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Person Details
Hyson Green Nottingham
Thomas Edward Crofts was born in 1897 at Hyson Green and was the son of Thomas Edward a chemical labourer and Martha Crofts née Willbond of The Wharf Pinxton Derbyshire. His father Thomas Edward was born in 1868 at Sneinton, Nottingham and his mother Martha Willbond was born in 1875 at Royal Pinda, India, they were married in 1896 at Nottingham and went on to have the following children, Thomas b1897 Hyson Green, Jessie May b1899 Pyebridge, Lily b1901 Hyson Green, Daisy b1904 Basford and George Vere b1911 Pinxton. In the 1911 census the family are living at The Wharf, Pinxton and are shown as Thomas Edward 43 yrs a chemical labourer, he is living with his wife Martha 36 yrs and their children, Thomas 14 yrs a pony driver, Jessie May 12 yrs a scholar, Lily 10 yrs a scholar, Daisy 7 yrs and George Vere 3 months of age Martha Crofts later lived at 73 Mason Street Sutton in Ashfield Nottinghamshire.
He was a pony driver at a colliery
31 Aug 1918
21
438282 - CWGC Website
154679
Private
34th Bn Machine Gun Corps (Infantry)
Private Thomas Edward Crofts, enlisted at Mansfield whilst residing at Sutton in Ashfield, he served with 34th Battalion Machine Gun Corps, was killed in action on 31st August 1918 and is buried in La Clytte Military Cemetery.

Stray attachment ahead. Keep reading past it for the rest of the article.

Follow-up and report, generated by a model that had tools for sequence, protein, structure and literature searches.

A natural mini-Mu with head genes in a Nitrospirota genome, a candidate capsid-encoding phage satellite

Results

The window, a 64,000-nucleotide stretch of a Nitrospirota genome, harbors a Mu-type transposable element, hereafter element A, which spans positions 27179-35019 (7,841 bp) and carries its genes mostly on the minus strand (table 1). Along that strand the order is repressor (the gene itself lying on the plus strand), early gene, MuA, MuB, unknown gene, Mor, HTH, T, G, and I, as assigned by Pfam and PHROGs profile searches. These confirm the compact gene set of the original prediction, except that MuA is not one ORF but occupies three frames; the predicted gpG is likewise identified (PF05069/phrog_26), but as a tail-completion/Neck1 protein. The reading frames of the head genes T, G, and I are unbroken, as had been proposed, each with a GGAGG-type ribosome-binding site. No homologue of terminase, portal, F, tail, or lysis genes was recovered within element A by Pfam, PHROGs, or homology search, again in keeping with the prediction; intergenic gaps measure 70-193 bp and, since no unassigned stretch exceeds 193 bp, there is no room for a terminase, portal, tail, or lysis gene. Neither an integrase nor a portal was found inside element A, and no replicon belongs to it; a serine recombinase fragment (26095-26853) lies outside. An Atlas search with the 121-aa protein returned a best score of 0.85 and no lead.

Article published on 20th September 1918 in the Notts Free Press :- PRIVATE T. E. CROFTS. SUTTON. “Joining the army in 1915, Private Thomas Edward Crofts, of 73, Mason-street, Sutton, was discharged after ten months' service, and returned to the Summit Colliery, where he had the misfortune to meet with an accident. He was again called up in June, 1917, and was drafted to France in the following August. He came to England last New Year's Eve suffering from trench feet and the effects of being slightly gassed, and was subsequently drafted into the Machine Gun Corps. He returned to France in July last and was killed in action on August 31st. Private Crofts' father is serving in France, and was wounded in the Battle of the Somme. Mrs. Crofts has received the following letter:– “It is with the greatest regret that I write you now with regard to your son, 154679, Private T. E. Crofts. During the recent fighting your son was one of a gun team which took up a position near Furtive Farm, near La Clyte, behind Kemmel village. Before the advance we were subjected to some artillery fire, and one large shell fell by his team. It was only a moment and we were on the spot only to find that your son and four other members of the team had been instantly killed. With all honour we buried them in the little yard of this ruined building, just before we advanced. This was on the 31st August. Yours is the greatest grief I know, and we can scarce know what it all means to you at home, but we would send you our heartfelt sympathy in your great loss. He had not been long in my section, but long enough for me to find out his qualities. He was a very willing and steady soldier in action. – Second-Lieut. V. D. Walker,M.G.C.” Above article is courtesy of Jim Grundy and his facebook pages Small Town Great War Hucknall 1914-1918
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